posted on Feb, 17 2009 @ 10:23 PM
yes i always was a bit turned off by that perfect 777 figure back in the fall.
whats most important to remember though is that the DJIA is not an average of all stocks being traded, merely an average of 30 major corporations
traded in high volume across the exchanges.
so in order to manipulate the dow, you can easily pump equity into a few stocks (or components, as they are referred to) and create an artificial
change in the range without changing market conditions dramatically.
Whats REALLY creepy is the way stocks that aren't components of the DJIA still tend to track the index to a certain degree. there are few that
outperform, or swing on a greater percentage than the index, but few (barring the obvious corporate event here and there, especially in biotech)
behave against the DJIA.
Its as though the lot of investors trading securities feed into some self determinate collected conscious. The S&P is by far the more accurate index,
in terms of establishing market direction.
The PPT is certainly out there trading through the prime brokerages of the best securities firms, Goldman Sachs E&C, JPM, CS, etc. I doubt they
interfere as much as people here may want to believe, but the real paradox on wall street isnt the tinkering by the treasury, but really the way money
has straight up vanished from equities (that form the indexes) and into the credit derivatives market.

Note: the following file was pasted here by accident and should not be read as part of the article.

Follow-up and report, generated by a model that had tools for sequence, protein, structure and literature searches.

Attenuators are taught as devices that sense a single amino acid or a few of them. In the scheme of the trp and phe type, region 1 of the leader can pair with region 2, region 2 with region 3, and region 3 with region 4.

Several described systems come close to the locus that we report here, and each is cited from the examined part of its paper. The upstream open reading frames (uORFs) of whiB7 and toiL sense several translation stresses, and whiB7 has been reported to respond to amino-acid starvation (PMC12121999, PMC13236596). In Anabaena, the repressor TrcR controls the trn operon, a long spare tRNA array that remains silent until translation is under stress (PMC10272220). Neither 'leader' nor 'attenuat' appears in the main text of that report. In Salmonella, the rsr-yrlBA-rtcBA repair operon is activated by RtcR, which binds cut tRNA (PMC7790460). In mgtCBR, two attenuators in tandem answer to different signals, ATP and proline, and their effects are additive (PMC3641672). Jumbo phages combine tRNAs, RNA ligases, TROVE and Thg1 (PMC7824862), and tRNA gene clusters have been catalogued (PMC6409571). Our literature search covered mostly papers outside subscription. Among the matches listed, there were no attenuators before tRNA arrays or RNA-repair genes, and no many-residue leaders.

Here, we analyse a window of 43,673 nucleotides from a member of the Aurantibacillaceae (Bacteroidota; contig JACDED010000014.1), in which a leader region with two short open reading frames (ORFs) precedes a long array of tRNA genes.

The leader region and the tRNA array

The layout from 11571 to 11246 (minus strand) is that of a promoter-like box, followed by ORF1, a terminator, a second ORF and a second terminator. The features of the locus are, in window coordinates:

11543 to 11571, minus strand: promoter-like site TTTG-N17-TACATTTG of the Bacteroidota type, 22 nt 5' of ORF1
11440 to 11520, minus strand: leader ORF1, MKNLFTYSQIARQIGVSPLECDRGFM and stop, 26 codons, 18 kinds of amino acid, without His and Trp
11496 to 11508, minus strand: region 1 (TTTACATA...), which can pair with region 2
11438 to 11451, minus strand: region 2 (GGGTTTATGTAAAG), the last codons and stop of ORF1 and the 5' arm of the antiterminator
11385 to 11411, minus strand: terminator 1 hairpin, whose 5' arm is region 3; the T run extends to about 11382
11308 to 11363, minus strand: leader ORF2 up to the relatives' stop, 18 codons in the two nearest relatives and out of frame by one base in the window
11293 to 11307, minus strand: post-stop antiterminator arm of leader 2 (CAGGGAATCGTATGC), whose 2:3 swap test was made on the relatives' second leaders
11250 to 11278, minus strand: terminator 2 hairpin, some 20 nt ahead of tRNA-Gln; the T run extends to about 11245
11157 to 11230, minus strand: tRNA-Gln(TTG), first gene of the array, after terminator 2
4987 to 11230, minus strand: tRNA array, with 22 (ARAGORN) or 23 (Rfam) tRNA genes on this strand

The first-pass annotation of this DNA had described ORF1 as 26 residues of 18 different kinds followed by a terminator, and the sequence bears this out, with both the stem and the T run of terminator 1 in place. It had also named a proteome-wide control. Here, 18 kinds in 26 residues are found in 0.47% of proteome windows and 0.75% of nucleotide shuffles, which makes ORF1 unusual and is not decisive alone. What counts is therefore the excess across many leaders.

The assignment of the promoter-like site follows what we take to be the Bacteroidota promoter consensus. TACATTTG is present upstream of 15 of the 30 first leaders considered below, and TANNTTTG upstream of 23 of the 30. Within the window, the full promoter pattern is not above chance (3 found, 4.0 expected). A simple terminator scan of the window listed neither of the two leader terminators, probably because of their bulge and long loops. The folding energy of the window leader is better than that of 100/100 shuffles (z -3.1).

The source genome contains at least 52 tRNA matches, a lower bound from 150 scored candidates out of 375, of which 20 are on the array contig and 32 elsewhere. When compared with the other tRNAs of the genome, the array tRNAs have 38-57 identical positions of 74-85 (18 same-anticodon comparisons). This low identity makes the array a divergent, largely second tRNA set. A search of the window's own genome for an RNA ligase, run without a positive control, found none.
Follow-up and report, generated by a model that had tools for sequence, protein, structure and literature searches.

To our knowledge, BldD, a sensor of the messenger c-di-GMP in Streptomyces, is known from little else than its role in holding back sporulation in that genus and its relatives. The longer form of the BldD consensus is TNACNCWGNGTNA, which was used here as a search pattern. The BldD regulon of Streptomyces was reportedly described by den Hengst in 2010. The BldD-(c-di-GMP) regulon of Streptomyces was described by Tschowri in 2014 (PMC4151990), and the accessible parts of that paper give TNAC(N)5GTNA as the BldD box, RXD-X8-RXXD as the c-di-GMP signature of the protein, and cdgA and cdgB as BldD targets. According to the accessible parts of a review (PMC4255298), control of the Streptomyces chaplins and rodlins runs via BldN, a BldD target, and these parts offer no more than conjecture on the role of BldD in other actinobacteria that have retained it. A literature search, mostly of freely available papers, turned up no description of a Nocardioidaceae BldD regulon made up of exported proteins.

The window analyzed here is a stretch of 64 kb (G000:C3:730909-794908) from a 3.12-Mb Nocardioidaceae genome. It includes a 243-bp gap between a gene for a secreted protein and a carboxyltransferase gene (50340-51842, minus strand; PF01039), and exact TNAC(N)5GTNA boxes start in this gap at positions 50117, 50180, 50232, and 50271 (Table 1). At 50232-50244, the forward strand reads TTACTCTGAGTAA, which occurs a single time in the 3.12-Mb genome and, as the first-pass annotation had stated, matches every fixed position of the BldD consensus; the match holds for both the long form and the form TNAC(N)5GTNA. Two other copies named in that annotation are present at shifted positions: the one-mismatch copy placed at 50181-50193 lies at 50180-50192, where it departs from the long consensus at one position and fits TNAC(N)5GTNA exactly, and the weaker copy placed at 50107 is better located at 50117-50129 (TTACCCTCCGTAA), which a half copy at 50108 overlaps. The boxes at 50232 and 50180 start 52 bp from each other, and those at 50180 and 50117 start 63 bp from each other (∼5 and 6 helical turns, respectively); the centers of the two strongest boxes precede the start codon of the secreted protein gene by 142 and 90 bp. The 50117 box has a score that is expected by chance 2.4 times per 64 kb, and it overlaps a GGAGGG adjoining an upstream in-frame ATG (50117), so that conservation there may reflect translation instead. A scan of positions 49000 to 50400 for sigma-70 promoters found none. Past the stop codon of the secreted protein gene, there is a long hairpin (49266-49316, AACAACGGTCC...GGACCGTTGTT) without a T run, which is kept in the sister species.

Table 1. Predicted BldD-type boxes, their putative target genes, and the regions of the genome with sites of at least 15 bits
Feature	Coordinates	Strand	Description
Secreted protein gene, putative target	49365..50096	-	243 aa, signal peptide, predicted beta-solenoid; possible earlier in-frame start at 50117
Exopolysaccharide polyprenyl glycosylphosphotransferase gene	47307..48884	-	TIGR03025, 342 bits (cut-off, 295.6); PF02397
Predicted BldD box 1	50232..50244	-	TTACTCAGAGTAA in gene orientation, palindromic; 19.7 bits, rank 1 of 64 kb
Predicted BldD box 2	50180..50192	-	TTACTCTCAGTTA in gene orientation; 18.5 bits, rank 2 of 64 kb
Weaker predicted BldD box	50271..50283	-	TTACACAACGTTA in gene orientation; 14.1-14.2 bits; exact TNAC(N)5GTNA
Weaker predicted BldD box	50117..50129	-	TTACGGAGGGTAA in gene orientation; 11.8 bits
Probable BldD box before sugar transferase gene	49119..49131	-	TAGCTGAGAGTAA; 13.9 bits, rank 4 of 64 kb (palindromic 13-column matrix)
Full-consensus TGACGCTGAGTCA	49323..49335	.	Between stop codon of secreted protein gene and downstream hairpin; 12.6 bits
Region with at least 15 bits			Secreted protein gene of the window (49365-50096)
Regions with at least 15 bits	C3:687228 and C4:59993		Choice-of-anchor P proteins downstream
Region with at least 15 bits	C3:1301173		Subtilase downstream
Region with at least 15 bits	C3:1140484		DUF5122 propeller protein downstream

Its a fundamental--when theres less money in a market and thus less liquidity, prices swing in a less predictable fashion and exaggerate/overreact to
buy/sell pressure. With huge corps getting squeezed by volatility in their capital/equity, their exposure to credit downgrades and defaults
heightens. This is why the Credit Default Swap (CDS) has become such a profitable and monstrous credit derivative. Theres hundreds of trillions of
dollars of unsettled/open contracts in the derivative markets, more than the worlds GDP for 4 years. Though its hard to chart, a large majority of
this is in credit derivs. Thats an awful lot of money speculating on the failure of companies.
whats particularly nasty about this is it's Hedge Funds and alt investment firms that've made the killing on these instruments, taking gains on
massive payouts from the so called "insurance" provided by the CDS. HF clients are folks who are often already loaded(as minimum initial
investments at top shelf funds range at about 7mil) and they get the returns in cash minus usually 20% plus fees.
This money isn't getting transferred from one company to the next, like some massive corporate/gov takeover. its going right into the bank accounts
of private citizens, with no compulsion whatsoever to generate an impact on the market, positive nor negative. This is not a good thing.
Believe me, if half the money held in open derivative contracts was invested into the stock market, the DJIA would be well over its highs in 2007.
Instead, investment banking and institutional investment firms (overseeing pensions, mutual funds etc) are getting robbed paying out to HFs collecting
on swaps. Why do you think this bailout money is so hard to trace? Short CDS gains can turn 100k into 10 million in a year. Imagine paying out on
that bet, youd be F**ked too.